May Issue 2010
We’ve Got What it Takes
There exists the possibility that by the time you read this ICC World Twenty20 Championship preview, defending champions, Pakistan, will already be out of the April 30 to May 16 spectacle in the Caribbean. But its also heartening, from a Pakistan fan’s perspective, to know that Shahid Afridi’s men have the firepower to go all the way and retain the crown that they won in an emphatic manner in England last summer.
The only predictable thing about Pakistan, as usual, is their unpredictability.
Last June, their chances of winning the world cricket title seemed bleak, but after a poor start they bounced back into the tournament and beat top teams like New Zealand, South Africa and Sri Lanka, and Younus Khan and his boys went on to lift the crown on that memorable day at Lord’s.
Pakistan enter the 2010 Caribbean extravaganza as the most successful team in the Twenty20 format, with some of the most dangerous players in the slam-bang version of the game. And although Umar Gul — the highest wicket-taker in T20 championships — is out of the squad because of a shoulder injury, the team still has some of the best bowlers and cleanest hitters in their ranks.
But Pakistan have had more than their share of problems in the lead up to the World Twenty20 Championship.
The players are yet to fully recover from the horrors of a catastrophic tour of Australia where they lost all the matches — three Tests, five One-Day Internationals and a T20 game. The going against the Aussies could prove to be a tough one again for Pakistan.
On paper, Pakistan seem capable enough of defending the title. They boast a strong line-up. In Shahid Afridi, they have the most destructive all-rounder in this format of the game. They have a good pace battery spearheaded by Mohammad Asif but, on the slow West Indian tracks, it is expected that the spinners will be the ones to play a major role in the line of defence.
Afridi himself will be at the helm of the spin attack that includes Saeed Ajmal and last-minute inclusion Abdur Rehman: an experienced left-armer. With comeback all-rounder Mohammad Hafeez and youngster Fawad Alam also at his disposal, Afridi will have enough options to bamboozle the opposition.
All eyes will be on the dynamite kid, Umar Akmal. With his explosive batting, the younger of the Akmal brothers has the potential to blaze through the World T20. His elder sibling Kamran, too, will be looking to play his role after being singled out as one of the villains of the disastrous tour Down Under. Young pace sensation Mohammad Aamir will, once again, be looking to make his presence felt in the Caribbean after making a sensational debut in England, nine months ago.
In a nutshell, Pakistan come across as an exciting package, capable of scaling new heights but unpredictable enough to disappoint their fans back home.
Ask Afridi and he will tell you that his team knows what it takes to win a World Cup. The flamboyant all-rounder proved himself as Pakistan’s most potent weapon in the last two editions of the popular spectacle and is well aware that he should shine again if the Greenshirts are to defend the crown in the Caribbean on May 16. “We won the title in England last year and I know we can do it again,” says the skipper. “But we will have to play to our full potential. That’s what I’ve been telling my boys again and again, that the team needs each and every one of you to give his best because that’s the only way to win a world cup.”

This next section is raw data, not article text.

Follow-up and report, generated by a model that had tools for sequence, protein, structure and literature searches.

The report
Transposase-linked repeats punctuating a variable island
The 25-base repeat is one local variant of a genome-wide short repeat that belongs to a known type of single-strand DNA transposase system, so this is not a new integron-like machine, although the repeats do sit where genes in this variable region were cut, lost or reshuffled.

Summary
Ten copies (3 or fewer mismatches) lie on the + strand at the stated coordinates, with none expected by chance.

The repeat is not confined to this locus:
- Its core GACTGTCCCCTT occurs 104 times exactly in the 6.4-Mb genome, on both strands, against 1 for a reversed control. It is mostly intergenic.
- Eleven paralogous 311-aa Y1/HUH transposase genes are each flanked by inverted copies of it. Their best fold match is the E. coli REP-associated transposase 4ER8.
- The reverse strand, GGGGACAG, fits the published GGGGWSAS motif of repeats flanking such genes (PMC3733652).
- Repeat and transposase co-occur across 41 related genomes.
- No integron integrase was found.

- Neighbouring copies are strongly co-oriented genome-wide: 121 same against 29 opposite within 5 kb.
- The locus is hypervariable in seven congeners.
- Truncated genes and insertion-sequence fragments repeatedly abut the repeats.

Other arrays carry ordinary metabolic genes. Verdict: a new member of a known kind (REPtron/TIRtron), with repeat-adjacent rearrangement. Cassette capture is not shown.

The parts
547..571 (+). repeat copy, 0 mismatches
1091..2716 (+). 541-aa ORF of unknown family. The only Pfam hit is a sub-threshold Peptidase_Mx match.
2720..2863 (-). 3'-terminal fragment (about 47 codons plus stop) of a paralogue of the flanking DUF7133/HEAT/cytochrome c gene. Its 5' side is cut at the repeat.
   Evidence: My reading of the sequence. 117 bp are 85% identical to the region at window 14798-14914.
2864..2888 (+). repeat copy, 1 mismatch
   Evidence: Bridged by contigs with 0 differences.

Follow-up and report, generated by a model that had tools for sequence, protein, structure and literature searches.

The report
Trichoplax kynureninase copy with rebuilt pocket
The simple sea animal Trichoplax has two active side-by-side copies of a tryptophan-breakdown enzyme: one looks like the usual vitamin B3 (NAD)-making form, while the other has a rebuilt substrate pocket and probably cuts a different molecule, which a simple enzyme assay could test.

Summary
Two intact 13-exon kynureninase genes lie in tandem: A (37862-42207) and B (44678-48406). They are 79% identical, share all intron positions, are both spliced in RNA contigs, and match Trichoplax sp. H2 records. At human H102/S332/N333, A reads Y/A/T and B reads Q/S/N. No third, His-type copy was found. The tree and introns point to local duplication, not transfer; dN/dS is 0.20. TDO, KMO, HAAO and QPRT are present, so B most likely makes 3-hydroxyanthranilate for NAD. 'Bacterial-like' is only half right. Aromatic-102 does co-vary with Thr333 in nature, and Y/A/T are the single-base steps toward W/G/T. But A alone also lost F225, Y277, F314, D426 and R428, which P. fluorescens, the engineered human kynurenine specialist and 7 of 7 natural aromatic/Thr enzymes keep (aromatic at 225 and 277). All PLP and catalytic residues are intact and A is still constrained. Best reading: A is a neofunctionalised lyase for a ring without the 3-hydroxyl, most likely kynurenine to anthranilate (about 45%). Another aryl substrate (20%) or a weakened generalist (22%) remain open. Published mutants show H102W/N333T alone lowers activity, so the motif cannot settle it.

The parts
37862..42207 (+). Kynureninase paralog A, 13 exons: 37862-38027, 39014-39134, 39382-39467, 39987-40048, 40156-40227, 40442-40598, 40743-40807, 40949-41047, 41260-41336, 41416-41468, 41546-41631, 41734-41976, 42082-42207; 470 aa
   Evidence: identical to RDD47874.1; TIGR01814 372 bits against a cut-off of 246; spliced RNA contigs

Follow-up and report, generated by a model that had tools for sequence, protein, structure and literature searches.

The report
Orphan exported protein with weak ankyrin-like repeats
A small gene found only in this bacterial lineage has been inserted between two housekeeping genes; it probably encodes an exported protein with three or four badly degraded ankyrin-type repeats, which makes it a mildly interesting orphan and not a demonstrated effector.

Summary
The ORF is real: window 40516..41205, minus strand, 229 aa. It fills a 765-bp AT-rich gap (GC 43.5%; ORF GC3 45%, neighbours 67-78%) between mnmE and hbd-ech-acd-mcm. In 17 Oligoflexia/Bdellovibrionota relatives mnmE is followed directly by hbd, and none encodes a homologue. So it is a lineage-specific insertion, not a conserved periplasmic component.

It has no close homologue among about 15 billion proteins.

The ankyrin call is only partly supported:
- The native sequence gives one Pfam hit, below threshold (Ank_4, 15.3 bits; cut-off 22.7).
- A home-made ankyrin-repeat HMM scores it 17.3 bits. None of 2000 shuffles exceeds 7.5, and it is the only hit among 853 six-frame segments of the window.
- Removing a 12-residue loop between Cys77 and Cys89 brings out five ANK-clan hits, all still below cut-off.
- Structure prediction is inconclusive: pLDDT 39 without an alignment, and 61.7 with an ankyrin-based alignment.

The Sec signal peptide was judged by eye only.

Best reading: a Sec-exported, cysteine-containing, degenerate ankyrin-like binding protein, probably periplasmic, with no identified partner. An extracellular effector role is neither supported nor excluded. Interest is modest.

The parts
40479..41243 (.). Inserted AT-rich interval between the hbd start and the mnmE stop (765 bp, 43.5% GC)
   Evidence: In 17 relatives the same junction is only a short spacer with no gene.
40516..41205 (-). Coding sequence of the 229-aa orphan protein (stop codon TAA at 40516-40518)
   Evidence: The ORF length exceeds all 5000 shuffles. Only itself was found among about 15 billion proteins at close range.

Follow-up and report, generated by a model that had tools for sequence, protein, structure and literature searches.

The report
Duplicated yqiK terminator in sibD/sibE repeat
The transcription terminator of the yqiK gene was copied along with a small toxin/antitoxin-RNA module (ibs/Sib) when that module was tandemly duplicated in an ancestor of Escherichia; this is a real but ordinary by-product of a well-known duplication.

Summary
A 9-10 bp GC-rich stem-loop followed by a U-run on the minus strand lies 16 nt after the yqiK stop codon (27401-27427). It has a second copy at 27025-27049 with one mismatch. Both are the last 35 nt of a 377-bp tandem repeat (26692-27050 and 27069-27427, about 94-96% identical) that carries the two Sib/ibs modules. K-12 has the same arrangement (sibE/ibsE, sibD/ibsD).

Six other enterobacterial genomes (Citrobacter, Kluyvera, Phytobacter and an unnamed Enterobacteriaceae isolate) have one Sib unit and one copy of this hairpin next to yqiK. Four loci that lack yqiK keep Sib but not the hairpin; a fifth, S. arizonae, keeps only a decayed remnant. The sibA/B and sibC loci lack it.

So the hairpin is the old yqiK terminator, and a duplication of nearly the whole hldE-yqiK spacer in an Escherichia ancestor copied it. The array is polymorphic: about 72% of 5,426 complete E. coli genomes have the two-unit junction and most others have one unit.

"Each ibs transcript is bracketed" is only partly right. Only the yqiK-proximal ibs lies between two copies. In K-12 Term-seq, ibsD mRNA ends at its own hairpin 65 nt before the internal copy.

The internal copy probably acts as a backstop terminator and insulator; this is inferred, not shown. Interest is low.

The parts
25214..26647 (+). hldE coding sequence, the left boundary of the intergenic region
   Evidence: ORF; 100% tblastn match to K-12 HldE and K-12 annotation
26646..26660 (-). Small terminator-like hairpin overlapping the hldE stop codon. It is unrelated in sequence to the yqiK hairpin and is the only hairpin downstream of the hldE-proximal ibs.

Afridi, 30, is at the helm of a team that has been accused and punished for infighting and under-performance. He himself is one of the seven leading players who were banned or fined after Pakistan’s disastrous tour of Australia for charges ranging from indiscipline to ball-tampering.
But Afridi is confident that his boys will put aside the bitter memories of the recent past to bounce back in the West Indies. “We are looking for a way to make things right. I personally believe that by winning the world title we can move beyond what’s happened.”
Afridi is pinning his hopes on his potent bowling attack that has been buoyed up by the return of Mohammad Asif, who missed the 2009 World T20 because of a doping ban. “Our bowling is among the best in the world, especially in the T20 format,” he says. “We have the right combination of pace and spin and I’m confident it will click in the West Indies where the playing conditions should suit us.”
Afridi is seriously considering placing himself up the order to boost Pakistan’s often fragile batting line-up. “We need somebody good for the crucial No 3 spot and maybe I can be there. We also have the option of Umar Akmal in that position.”
Afridi’s Pakistan has been hit hard by injury-related problems in the lead up to the Caribbean assignment, but the skipper believes his team has to overcome some early hiccups.
Pakistan have been bracketed with Australia and Bangladesh for group matches and Afridi has made it clear that his team will not be taking anything for granted. “It’s true that we are the defending champions, but it won’t matter much once the event begins. We give equal respect to everyone, even to teams like Bangladesh, who have the potential to put up a fight in T20 matches.”
Much has been said and written about the lack of harmony in the Pakistan camp, and Afridi has been drumming the importance of team spirit and unity into the boys and is confident that his team will unite behind him in the Caribbean. “We all know that we can only win the World Cup again if we play like a team,” he says. “For us, there is no other way but to stay united and give the title our best shot.”
The writer is ranked among the battle-hardened journalists covering sports. As sports editor for The News, he covers sporting action extensively in Pakistan and abroad.